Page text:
Copyright Insanity: The Need To Get Licenses Just To Demonstrate A Legal Point

from the that-seems-problematic dept

Over at Against Monopoly, Alistair Kelman, points out yet another quirky problem with copyright law. He's discussing a book by Ron Rosen, who was the attorney for famed composer John Williams in fighting a copyright infringement claim saying that Williams copied a phrase in the score for the movie E.T.. The book is called Music and Copyright, and (according to Kelman) is quite a worthwhile read in thinking about some of the modern legal issues that will be faced thanks to mashups and other musical compositions that run up against copyright questions.

Kelman's one issue with the book, is that it would really be aided quite a bit by being able to hear the actual music in question, rather than just seeing the musical notation. So, the suggestion was, why did Rosen put up an online video lecture, playing the music samples so that people could better understand the issues at play. The answer, it turns out, is copyright law. Rosen wrote Kelman, noting:
"...about the need for aural examples, that is something we wanted to do for this edition, but as a new publication, the need for licenses and the budget foreclosed our doing so."
So even though this is a somewhat scholarly effort to look at these issues, apparently Rosen can't even demonstrate his points with music, because copyright forbids it, and requires hefty licensing fees. If ever there were a case where "fair use" should apply, this would seem to be it -- but I'm sure some would argue against that point since this book is a "for-profit" endeavor. Of course, whether something is commercial or not is only one of the four fair use factors, and it seems that if it's just a snippet of the music, a strong fair use case could be made (especially since it's hard to see how this could possibly harm the market for the music itself). However, as copyright system defenders love to point out on a regular basis, they see fair use as a "defense, rather than a right" and thus, the only way to prove that this is fair use would be to go to court -- something that is expensive and time consuming. What an unfortunate state of affairs.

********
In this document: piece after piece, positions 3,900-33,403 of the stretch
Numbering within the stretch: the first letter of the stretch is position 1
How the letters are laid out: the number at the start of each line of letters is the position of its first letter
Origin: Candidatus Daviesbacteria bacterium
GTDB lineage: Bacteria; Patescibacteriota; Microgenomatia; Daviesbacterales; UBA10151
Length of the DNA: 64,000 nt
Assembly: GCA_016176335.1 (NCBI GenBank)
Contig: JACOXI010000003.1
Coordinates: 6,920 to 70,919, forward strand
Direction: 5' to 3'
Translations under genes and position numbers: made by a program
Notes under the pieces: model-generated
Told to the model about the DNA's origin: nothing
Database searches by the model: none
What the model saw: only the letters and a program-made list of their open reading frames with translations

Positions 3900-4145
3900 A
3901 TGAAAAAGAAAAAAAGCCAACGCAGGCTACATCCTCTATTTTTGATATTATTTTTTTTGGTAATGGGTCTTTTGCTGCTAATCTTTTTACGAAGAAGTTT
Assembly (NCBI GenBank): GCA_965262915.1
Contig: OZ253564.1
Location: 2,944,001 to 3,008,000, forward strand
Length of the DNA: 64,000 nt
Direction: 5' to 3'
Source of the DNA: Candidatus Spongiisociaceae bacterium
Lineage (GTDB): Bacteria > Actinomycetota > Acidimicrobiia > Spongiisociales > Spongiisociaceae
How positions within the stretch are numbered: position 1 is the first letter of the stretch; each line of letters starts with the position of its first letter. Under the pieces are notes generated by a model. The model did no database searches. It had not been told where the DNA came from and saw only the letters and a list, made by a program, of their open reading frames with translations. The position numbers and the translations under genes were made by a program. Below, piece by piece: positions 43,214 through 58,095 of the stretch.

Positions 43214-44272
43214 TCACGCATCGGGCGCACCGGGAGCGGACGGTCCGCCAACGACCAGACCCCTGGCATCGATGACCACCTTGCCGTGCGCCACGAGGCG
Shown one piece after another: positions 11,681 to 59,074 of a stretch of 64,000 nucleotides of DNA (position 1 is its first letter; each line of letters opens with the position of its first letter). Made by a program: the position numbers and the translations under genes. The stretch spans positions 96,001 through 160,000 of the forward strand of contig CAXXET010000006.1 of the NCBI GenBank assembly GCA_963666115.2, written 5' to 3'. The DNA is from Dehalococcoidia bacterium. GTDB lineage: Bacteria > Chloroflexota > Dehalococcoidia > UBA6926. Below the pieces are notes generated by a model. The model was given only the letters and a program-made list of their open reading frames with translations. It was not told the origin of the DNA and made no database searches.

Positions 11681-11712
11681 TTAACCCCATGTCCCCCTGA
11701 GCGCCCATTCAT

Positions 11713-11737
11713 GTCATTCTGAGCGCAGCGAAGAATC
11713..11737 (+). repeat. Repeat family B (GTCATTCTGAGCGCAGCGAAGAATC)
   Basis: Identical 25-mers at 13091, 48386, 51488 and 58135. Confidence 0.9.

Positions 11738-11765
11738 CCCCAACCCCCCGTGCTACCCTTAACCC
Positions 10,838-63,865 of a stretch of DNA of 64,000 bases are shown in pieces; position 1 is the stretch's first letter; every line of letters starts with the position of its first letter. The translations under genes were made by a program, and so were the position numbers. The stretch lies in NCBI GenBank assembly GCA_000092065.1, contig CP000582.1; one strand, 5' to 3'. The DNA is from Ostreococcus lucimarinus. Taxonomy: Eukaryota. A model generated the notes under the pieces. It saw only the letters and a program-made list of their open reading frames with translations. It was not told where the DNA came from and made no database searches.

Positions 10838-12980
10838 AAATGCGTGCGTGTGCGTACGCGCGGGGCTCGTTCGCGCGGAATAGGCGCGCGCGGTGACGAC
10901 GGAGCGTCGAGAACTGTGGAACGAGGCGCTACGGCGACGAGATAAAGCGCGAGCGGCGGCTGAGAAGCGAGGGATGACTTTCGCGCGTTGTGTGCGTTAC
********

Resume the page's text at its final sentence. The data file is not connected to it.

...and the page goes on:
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  1. icon
    chris (profile), 4 Jul 2009 @ 8:30am

    Re: Re: Re: Re: Re: Re: Re: Re: Re: Re: Re: Re: RTFA

    So, if someone goes to the grocery store to purchase a case of Coke, and Coke, which is often on sale for $6, is actually $6.50, because you considered whether you wished to purchase the Coke for $.50 more, and then decided to wait, by definition $.50 is "hefty."

    Yes, his explanation was that he made a HUGE ASSUMPTION. So, fundamentally he had no explanation. Then he should have kept with the words in the original article rather than making stuff up. Again, as long as I knew he was inventing scenarios that did not actually exist, I am fine with that.

    do you get that if you accuse someone of assuming, then make up these scenarios with made up numbers, you too are assuming? the problem here is that not having the budget for a fee makes the fee hefty. the fee is hefty because you can't pay it. you have to choose whether or not you can afford it. that consideration is what makes the fee hefty, not the made up numbers involved.

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